How to get creative with cards

Plastic cards remain popular even as digital payments grow. Here’s how you can make your community bank’s card program stand out from the crowd.

By Phil Britt

With the rise of Apple Pay, other forms of digital payments like Venmo and Zelle, and even metal credit cards (Amazon Prime’s card and American Express Platinum, among others), the humble plastic payment card is surrounded by competitors.

But don’t count it out yet. Plastic cards provide an entry point for community banks into the still small, but growing, digital payments arena for Apple Pay, Samsung Pay and similar digital payment programs, along with e-commerce giant Amazon. Each allows customers to select their preferred card for payments.
“The way we pay for things has changed,” says Patrick Dix, vice president of public relations for Shazam. “But have we evolved beyond the point of plastic cards? I don’t think so. Cards are going to be here for the foreseeable future.”

Plastic cards, particularly debit cards, can still provide income for community banks. “Our card program provides a meaningful revenue stream,” says James Mensching, president of $517 million-asset Itasca Bank & Trust Co. in Itasca, Ill. “We’re making money on our debit card program each month.”

To ensure a successful card program, community banks need to market the right type of card to the right audience. Dix says baby boomers and Generation X customers tend to prefer credit cards, while millennials prefer debit card programs. “[Millennials] tend to want to spend only what they have.”

But getting customers to sign up for a card isn’t enough. The goal is to keep them using it. And that involves thinking creatively about what a card program could look like.

Goals first
The first step is to determine what your goals are for your card program, says Dix. “The goal may be to drive additional revenue … customer retention or some combination thereof.”

If the primary goal is revenue, you may want to use a rewards program to encourage customers to use their cards for frequent purchases, such as gasoline. Other community banks introduce rewards to promote charitable giving or to encourage them to make purchases with designated local merchants, such as through the Buzz Points program.

If the goal is customer retention, you’ll want to promote card sign-up, authorization and use. The idea is that the more products and services customers have with your bank, the less likely they’ll be to leave for another financial services provider.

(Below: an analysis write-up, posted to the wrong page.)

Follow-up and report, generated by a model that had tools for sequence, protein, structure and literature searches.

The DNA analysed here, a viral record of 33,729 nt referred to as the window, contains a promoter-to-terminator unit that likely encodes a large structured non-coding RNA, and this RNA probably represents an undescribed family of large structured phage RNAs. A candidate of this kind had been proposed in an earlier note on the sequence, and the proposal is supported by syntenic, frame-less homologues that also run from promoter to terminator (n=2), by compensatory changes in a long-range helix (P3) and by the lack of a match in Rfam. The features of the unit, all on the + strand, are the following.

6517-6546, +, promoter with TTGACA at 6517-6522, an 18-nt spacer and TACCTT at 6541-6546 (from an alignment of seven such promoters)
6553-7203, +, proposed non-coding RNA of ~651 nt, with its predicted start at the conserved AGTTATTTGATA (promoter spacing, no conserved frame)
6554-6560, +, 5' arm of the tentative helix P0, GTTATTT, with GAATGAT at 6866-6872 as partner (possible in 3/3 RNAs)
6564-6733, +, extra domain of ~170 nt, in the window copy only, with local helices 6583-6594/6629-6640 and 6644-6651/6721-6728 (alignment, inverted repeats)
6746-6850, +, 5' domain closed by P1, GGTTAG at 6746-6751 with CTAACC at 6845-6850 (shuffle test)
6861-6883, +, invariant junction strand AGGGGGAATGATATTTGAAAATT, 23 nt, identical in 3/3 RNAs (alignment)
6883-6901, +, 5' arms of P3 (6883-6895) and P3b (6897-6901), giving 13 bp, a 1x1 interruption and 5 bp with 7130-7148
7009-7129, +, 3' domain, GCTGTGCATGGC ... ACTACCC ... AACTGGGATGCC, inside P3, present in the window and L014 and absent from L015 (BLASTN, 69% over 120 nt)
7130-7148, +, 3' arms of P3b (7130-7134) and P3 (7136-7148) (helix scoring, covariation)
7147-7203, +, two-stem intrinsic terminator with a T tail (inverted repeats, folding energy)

Any rewards must be structured in a way that drives additional profits to the bank, rather than having the cost of the rewards exceed the benefits. Dix points out that some debit card networks offer little in the way of benefits but have high expenses.

“Expenses have been going up on certain kinds of transactions and are eroding profitabililty for banks,” he says. Newer card features, such as tokens and biometrics, carry additional fees with no monetary benefits for banks.

Banks benefit most from frequent card usage, says Trent Fleming, an independent community bank consultant. “You have to make sure that you are promoting the card and its benefits,” he says.

“Many community banks offer different kinds of cards besides debit cards that customers might not know about.”

Fleming adds that customers appreciate thoughtful promotions, such as partnerships with local merchants and contests. Contests can be simple; for example, you could run one where, for every 15 card transactions the customer makes, they’re entered into a drawing for a small prize like a gift card.

Custom card designs, with images specific to each cardholder, can also promote usage. “These types of cards tend to enjoy top-of-wallet status, particularly when designed or personalized by customers themselves,” says Jason Bohrer, SVP and general manager, Secure Card Solutions, at CPI Card Group.

Metal cards are another option to consider. It’s more expensive to manufacture them, but Bohrer says banks still stand to benefit. “Premier membership programs typically attached to metal cards attract high-value cardholders that can have a greater business impact relative to the average cardholder,” he explains. “Furthermore, the metal card provider’s manufacturing capabilities and techniques can lend to lower costs for the issuer.

“At CPI, for example, we are employing fusions of metal and PVC to create cards that provide the same metal-card feeling at a lower cost than all-metal cards.”

Another offering popular among customers is instant issuance, where the bank creates the card while the customer waits, rather than making them wait a week or two while the card is made offsite and then mailed to them. The customer can start using the card immediately, meaning it generates revenue for the bank from day one.

The bottom line? Community banks can’t discount the growing potential of digital payments. But with a thoughtful strategy and innovative approaches to rewards and card aesthetics, you can ensure that cards continue to play an important part in your community bank’s suite of products for years to come.


Phil Britt is a writer in Illinois.

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